Sunday, October 3, 2021

Organizing Israel's conference for Doctoral Students focused on the Sociology and Anthropology of Education

 Dear Blog Readers,

For a while I have been engaged in organizing the Annual conference for Doctoral Students focusing on the Sociology and Anthropology of Education to take place on October 6, 2021. The conference is led by four primary universities in Israel: University of Haifa, Tel Aviv University, The Hebrew University of Jerusalem and Ben Gurion University of the Negev. It brings forth cutting edge studies of the young cadre of scholars in the field. This year the event is hosted by the Faculty of Education at the University of Haifa and the program for Education, Society and Culture which I chair. 

The conference offers the following panels:

  • Education under the COVID Crisis
  • Alternative Education and knowledge
  • Religion and Identity
  • Identity, Class and Political Socialization
  • Educational Spaces: Beyond Classroom Walls
  • Ethnicity, Periphery and Gender

For more information on the program, presenter names/abstracts, enrollment and more, please visit the Conference Website

Monday, May 17, 2021

CFP: Digital Youth and Religion

 Dear Readers,

I want to share with you a call for papers on a special edition that I am guest editing for Religions. Please feel free to share this with others that may be of interest

Monday, April 19, 2021

Religion and Inclusive Science Communication - Online Round Tables


Dear Readers,

I wanted to share with you an upcoming event I am organizing and co-hosting with colleagues of the University of Haifa and the Technion. The project initiators are: Professor Ayelet Baram-Tsabari of the Technion - Israel Institute of Technology, and Professor Yariv Tsfati, of the Department of Communications and Journalism at the University of Haifa. In addition, leading participants and organizers include Dr. Lea Taragin-Zeller (Technion), Nakhi Mishol Shauli (University of Haifa) and Yael Rosenblum.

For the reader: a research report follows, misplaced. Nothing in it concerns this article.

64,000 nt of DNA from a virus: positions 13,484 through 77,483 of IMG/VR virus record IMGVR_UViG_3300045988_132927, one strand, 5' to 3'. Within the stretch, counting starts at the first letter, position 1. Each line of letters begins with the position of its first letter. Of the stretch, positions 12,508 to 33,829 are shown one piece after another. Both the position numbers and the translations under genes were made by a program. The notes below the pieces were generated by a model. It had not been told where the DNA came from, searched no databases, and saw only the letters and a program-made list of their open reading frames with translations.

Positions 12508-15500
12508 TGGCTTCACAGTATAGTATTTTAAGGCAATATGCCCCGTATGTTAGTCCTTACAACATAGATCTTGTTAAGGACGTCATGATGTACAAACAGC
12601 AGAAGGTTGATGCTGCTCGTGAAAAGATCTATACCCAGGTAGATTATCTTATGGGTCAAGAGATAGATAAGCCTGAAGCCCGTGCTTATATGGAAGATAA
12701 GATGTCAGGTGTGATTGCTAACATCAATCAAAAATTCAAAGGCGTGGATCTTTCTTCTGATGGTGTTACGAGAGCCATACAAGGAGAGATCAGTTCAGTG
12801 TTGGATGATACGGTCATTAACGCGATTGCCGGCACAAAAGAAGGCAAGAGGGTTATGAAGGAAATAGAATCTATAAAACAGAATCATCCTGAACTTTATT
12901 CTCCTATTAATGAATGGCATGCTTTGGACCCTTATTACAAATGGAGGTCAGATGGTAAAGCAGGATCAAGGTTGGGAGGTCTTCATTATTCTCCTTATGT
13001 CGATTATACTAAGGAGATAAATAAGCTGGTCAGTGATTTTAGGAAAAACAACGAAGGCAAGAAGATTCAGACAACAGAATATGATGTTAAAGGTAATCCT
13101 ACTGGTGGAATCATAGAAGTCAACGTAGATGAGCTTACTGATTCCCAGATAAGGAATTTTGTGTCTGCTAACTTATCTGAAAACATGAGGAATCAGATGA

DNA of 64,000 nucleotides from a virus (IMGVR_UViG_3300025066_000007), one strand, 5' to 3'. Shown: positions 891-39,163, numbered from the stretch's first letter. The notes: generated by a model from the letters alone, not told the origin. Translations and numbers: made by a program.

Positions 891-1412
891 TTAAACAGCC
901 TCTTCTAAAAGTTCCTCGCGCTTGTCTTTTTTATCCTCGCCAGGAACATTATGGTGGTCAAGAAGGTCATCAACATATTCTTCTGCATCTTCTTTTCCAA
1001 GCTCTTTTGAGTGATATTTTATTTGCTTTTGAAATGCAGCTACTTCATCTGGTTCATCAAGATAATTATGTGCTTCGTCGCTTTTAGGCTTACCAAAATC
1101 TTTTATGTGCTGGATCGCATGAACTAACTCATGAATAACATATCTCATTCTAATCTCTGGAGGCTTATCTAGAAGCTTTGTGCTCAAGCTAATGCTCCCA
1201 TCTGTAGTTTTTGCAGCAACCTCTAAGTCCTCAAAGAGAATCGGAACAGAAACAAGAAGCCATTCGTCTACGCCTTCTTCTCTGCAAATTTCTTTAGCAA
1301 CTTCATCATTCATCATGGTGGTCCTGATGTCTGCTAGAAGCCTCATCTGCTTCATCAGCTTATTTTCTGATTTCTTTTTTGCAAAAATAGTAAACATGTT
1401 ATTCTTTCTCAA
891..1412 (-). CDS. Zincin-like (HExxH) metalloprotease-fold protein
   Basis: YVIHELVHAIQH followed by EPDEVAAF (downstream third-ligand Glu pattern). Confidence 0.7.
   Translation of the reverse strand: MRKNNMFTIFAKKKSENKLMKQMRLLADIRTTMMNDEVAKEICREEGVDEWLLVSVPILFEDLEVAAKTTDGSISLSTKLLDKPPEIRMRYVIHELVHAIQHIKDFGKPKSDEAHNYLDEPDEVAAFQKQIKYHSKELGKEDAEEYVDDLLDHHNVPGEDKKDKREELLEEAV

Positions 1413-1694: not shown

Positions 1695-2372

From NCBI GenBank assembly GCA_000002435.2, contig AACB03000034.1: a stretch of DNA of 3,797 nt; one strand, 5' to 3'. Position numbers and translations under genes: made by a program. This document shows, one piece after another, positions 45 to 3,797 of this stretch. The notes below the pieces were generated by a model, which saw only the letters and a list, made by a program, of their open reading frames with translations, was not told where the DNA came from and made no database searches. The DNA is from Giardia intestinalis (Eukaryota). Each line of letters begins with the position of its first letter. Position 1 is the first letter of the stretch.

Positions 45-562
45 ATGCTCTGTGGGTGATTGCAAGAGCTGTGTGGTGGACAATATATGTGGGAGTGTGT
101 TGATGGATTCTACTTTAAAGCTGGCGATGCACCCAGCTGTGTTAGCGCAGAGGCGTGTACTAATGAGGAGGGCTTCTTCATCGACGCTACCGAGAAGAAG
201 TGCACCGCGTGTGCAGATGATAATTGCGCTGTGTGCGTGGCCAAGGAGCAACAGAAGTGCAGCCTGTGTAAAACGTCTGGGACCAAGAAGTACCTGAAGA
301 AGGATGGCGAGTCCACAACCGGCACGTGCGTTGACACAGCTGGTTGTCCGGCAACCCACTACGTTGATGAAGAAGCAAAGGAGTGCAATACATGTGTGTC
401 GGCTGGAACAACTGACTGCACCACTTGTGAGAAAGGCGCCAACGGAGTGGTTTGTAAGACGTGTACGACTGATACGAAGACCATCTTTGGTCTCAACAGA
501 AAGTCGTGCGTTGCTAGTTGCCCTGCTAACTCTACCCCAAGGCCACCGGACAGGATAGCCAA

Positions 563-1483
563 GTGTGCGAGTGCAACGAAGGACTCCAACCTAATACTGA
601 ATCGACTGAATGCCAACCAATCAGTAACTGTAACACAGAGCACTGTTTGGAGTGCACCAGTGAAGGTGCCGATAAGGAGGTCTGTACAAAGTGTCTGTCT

The event is based on our project on the ultra Orthodox Jewry and their modes of communicating science. We have invited international and local speakers, scholars and practitioners invested in mediating scientific concepts in everyday life. I am posting the flyer that we are distributing here and invite all interested parties to join in on the event. 

To register, please click here

Tuesday, December 8, 2020

 Dear Readers,

In a few weeks, I will be in conversation with Professor Ayala Fader of Fordham University on her new book "Hidden Heretics". Please browse through the enclosed invitation. If you are interested in attending, you are most welcome to join on January 13, 2021 at 4pm (Israel Time) and 9am EST at the following link:


Monday, June 8, 2020

New Publication on Jewish ultra-orthodox students in Israeli higher education

Dear Readers,

Just published a new manuscript with my Phd student, Eldar Fehl, titled: "Legitimizing academic knowledge in religious bounded T communities: Jewish ultra-orthodox students in Israeli higher education". This is a rare occasion for me to write about non-media issues, however, for those interested in bounded communities, they may find this appealing. The larger study does have connections to the legitimation of new media among Jewish ultra-Orthodox (Haredi) students, something to (hopefully) be published in the future.

To view the full paper online see:

Tuesday, January 7, 2020

Ethnography of Sacred Communities: Shifting Horizons of Online Religiosity (Upcoming Event)

Dear Readers,

Below you can read about an event I am developing with colleagues for the upcoming Anthropological conference in Portugal, July 2020. A Session that will be held online, given the COVID-19 crisis

European Association of Social Anthropologists
Association Européenne des Anthropologues Sociaux

0640 paper proposals 
Ethnography of Sacred Communities: Shifting Horizons of Online Religiosity